9. I love the fact that this paper didn’t just analyse the chemical composition, but also looked at the physical properties of sloes. I have absolutely no idea why anyone would ever need to know what the terminal velocity of a sloe is – but should this ever come up in a quiz, you’re good to go!

Physical properties, ‘cos we all need to know a sloe’s terminal velocity

10. The antioxidant and antimicrobial activity of sloes stems from the phenolic compounds, including phenolic acids and flavonoids. One sub-class of flavonoids – anthocyanins – are responsible for the dark purple-ish colour of the sloe berries.

Some other organic compounds!

11. Here are the structures of the phenol compounds identified in one particular study.

The anthocyanins give sloes their colour

12. There are claims that the antioxidant properties of sloes may be useful in the food and pharmaceutical industries. But, while they do have antioxidant properties in test tubes, once in the body they are apparently metabolised rapidly and any significant antioxidant properties are lost.

Antimicrobial properties, but only in vivo

13. There is a whole paper dedicated to studying how the chemical composition of alcoholic solutions of various fruits change over time, at different temperatures and in the presence or absence of sugar – imagine writing the grant proposal to get this funded! The pictures shown on the slide are my own ‘samples’ of sloe gin. After 1.5 years the red colour persists, but 2 years later, the sloe gin is now more of an amber colour – RIP anthocyanins.

Colour changes over time because SCIENCE!

14. A lot of data… – a lot of compounds stick around, but the anthocyanins readily decompose it seems. Lower temperatures and the addition of sugar do seem to slow down the decomposition, however.

Never show a slide like this; what was I thinking?

15. Basically, there is a lot of chemistry going on. Lots of functional groups in the organic compounds from the sloes, not to mention a huge excess of ethanol and some dissolved oxygen probably comes in to the equation too. Likely some photochemistry happening as well… it’s basically a fruity alcoholic mess and it’s not surprising that the chemical composition changes over time, with one of the products ultimately being a brown-ish (presumably polymeric) precipitate.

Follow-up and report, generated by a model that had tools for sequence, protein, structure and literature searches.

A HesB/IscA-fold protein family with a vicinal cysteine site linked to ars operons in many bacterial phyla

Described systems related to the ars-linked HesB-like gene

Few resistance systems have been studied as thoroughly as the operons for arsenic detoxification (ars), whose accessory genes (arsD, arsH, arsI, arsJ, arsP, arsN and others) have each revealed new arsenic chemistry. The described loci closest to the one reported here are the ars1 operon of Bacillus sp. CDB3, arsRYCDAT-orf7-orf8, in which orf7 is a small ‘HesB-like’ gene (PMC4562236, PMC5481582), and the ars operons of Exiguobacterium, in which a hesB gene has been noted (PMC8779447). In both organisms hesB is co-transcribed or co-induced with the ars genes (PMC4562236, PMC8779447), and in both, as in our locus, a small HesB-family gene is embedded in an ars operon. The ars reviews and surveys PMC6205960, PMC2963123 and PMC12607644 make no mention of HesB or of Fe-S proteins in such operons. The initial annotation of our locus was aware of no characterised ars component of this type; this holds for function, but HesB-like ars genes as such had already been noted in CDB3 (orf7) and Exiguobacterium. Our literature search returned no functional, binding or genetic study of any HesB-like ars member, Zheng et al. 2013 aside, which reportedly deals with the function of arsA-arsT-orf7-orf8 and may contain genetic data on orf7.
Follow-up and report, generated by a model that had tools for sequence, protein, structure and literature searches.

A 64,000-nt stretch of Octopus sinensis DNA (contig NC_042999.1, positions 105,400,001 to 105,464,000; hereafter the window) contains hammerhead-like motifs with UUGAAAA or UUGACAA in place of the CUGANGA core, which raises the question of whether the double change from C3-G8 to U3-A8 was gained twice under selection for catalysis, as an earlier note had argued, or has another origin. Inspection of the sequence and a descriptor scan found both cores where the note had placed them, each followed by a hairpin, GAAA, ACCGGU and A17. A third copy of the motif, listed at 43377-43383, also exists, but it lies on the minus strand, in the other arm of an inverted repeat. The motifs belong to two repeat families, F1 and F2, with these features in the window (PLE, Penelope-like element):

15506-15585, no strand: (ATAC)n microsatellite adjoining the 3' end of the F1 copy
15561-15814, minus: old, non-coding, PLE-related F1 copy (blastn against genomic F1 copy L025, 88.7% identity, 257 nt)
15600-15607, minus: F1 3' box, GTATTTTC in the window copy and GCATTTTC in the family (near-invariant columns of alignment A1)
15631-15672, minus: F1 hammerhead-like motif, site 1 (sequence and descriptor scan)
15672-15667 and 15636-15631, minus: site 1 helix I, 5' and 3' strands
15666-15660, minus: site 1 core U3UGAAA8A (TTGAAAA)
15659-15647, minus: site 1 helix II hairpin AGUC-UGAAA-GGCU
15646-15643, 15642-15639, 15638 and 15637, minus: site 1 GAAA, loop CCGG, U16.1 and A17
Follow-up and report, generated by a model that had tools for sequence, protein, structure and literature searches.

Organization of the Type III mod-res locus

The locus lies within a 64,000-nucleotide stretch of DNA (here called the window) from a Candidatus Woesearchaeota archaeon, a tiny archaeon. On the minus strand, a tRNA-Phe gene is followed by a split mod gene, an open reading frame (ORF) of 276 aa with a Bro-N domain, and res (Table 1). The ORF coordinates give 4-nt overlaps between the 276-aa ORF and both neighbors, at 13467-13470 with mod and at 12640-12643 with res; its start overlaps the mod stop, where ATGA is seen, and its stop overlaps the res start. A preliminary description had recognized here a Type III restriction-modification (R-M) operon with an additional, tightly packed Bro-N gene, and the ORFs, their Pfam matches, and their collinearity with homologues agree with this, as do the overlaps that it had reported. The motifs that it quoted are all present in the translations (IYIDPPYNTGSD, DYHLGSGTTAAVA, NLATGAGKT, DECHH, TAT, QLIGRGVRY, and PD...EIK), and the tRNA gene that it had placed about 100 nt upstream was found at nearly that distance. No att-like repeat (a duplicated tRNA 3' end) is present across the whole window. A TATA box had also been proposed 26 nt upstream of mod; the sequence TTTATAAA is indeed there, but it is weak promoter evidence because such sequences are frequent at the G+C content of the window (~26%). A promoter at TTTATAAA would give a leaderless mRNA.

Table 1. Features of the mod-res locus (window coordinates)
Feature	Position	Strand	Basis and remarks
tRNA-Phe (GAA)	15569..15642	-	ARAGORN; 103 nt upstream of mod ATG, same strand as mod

Also a bad slide, too much text. Hopefully nobody has noticed

16. Bear in mind that in the study shown in the previous two slides, the fruit was soaked in 65%-by-volume ethanol for 21 days before being filtered, at which point the liquid was split into portions and either sugar or water was added before the samples were stored at either 15 °C or 30 °C. Making sloe gin is not quite so clinical. First of all, it’s *gin*, not just ethanol; hence the organic menagerie shown below (and that’s just a small selection of the flavour compounds in gin – and the exact profile depends on which gin you use). Also, you’re soaking the fruit for 6 months to a year, so all kinds of chemical chaos may ensue. Tasty chaos, of course.

Bruce wrote this for the 101st issue of Nature Chemistry

17. And are you sure that what you are picking are sloes? When wandering through the English countryside, there are all manner of small purple-ish fruits, ranging from sloes, through to bullace (of which there are different varieties), through to damsons (of which there are also a bunch of different varieties that come in different sizes *and* shapes – some are more oval, some are quite spherical…).

Nevermind the pun in the title

18. When I first picked the berries pictured below, I thought the ones on the left were sloes and the ones on the right were bullace. I’m now fairly sure that they are all just sloes, but they were slightly bigger on one bush than on another – and there are good reasons why sloes might come in different sizes too…

Sloes and big sloes or sloes and bullace?

19. Here’s a selection of small purple-ish berries foraged from around our village… there’s no reason why a bullace plant might not have crossed with a sloe plant at some point to make a hybrid that produces fruit slightly larger than a typical sloe, but smaller than a bullace. There are also things called cherry plums too (not actual cherries, but plums) which may well have got in on the act at some point, cross-fertilizing with other small members of the plum family to produce another hybrid. And damsons may well have formed directly from the sloe, perhaps via the bullace and maybe the cherry plum got involved at some point too, but it’s all debatable apparently. There’s more questionable parentage flying around than on your average episode of the Jeremy Kyle show.

It’s complicated